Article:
Although we certainly hope that none of your daughters and sons will experience a sexual assault, it is important to know how to respond in the unfortunate case that something like this occurs while your student is away at college. Since April 25h was Take Back the Night and April is Sexual Assault Prevention month, it is a timely moment to provide you with tips in case your student, friend or other family member confides in you that they have been raped or sexually assaulted:
They need your trust and support. Sexual assault can happen to anyone. It is not the person’s fault they have been raped. Many sexual assault survivors are victimized a second time when they confide in a trusted friend or family member who questions them, blames them for putting themselves at risk, ignores or brushes them off or doesn’t believe them. Avoid asking “why” questions that imply the survivor is at fault.
You may feel like giving advice or getting angry at the perpetrator. Hold off. Listen to your student. They may be very unclear about what they are feeling and may present feelings to you in a confused way. The survivor may cry or laugh, feel unsafe, be afraid, angry, sad or numb. Try to listen and understand the trauma they have gone through. Talking may provoke strong feelings in you, especially as a parent. Try to keep your feelings in check right now, especially your anger. Your student needs you to be sensitive to their feelings and to help the student decide what he or she wants to do. Even though the survivor’s pain about the sexual assault may feel overwhelming to you, remember, by listening non-judgmentally, you are helping the survivor to begin healing.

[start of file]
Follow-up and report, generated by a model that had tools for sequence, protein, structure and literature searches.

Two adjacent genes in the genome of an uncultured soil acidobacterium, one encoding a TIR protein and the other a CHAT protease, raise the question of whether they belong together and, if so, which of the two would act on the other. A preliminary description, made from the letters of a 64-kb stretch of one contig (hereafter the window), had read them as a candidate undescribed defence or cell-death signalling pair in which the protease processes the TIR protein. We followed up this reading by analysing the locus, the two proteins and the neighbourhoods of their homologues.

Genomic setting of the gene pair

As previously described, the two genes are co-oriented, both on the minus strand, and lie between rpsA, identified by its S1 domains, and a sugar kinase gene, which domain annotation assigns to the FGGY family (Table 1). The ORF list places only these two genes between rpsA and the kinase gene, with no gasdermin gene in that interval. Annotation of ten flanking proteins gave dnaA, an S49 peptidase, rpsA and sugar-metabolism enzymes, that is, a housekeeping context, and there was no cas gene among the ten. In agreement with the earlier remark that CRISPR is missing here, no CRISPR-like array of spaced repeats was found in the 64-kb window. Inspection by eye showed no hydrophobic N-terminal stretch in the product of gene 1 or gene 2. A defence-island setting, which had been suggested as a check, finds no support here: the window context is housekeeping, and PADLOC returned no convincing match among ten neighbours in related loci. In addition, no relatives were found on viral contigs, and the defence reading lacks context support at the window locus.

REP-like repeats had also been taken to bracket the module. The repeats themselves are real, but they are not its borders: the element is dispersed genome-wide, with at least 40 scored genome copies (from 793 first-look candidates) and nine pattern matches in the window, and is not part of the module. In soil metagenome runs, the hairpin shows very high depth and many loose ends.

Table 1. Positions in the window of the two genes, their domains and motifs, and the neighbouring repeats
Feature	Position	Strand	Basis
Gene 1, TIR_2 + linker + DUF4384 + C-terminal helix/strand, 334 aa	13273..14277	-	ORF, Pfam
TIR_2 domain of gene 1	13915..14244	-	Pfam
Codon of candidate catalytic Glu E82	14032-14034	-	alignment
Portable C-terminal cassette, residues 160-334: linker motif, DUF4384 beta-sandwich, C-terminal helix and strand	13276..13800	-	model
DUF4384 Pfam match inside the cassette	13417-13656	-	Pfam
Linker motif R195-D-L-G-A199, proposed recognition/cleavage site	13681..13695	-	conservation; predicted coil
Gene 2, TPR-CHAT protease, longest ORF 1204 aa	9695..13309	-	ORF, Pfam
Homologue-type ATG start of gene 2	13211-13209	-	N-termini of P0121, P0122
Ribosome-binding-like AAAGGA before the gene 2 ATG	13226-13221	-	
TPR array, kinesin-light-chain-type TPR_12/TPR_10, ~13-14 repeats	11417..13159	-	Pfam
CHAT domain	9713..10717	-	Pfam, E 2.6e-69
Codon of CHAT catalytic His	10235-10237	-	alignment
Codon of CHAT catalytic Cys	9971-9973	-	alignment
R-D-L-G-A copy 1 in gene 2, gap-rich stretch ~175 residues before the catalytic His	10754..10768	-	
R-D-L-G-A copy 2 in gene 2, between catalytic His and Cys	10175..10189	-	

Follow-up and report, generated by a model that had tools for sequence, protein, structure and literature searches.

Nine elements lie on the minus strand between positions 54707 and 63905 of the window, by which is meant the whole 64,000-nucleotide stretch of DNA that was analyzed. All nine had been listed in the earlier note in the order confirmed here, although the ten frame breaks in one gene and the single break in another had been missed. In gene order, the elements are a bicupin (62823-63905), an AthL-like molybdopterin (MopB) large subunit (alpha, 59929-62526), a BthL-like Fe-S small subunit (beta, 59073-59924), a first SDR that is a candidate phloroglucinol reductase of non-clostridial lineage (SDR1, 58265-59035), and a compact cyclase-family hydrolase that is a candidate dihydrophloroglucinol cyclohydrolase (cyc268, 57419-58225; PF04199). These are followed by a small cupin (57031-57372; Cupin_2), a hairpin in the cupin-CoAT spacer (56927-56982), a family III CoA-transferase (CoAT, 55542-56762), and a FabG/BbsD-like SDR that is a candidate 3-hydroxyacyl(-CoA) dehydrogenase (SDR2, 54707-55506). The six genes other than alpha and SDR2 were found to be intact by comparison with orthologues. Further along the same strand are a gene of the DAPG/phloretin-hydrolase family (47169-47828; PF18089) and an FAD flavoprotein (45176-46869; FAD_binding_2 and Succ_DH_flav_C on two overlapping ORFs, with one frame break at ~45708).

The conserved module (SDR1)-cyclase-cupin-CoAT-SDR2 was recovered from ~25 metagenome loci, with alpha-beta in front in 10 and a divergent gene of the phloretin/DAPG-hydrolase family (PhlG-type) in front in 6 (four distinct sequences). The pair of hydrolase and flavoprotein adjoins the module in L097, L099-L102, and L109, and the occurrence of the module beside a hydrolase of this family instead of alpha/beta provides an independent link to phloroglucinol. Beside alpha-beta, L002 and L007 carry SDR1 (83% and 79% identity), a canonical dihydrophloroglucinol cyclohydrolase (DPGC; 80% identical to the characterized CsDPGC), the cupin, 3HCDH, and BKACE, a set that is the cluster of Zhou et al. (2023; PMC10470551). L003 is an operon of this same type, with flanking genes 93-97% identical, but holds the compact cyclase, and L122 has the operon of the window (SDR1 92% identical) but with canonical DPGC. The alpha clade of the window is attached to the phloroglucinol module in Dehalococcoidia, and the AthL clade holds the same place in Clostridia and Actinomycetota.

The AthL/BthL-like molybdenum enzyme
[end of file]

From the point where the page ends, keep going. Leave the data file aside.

that your reactions and feelings are important too. When someone we care about is traumatized we are traumatized too. You may need to talk to someone about what you are going through and how to handle your feelings. Don’t hesitate to do so.
If your student contacts you right after being raped or assaulted, encourage them to get medical help immediately. There are many reasons to get a medical evaluation; in addition, not having a medical exam right away, before cleaning up, may limit options if the survivor decides to press charges. The University Health Center and Sacred Heart Hospital have trained sexual assault nurse examiners who can collect evidence.
Above all, respect the survivor’s efforts to be in control. Even though medical attention immediately is a good idea, if the survivor does not want this, do not insist. The person who has been sexual assaulted has been deprived of their control. Friends and family can counter this by helping the survivor make their own decisions.
Finally, I invite you to check out the UO’s updated Sexual Harassment/Sexual Assault Protocols including Campus Resources.
Summarized by H. Brooks Morse, Ph.D., Staff Psychologist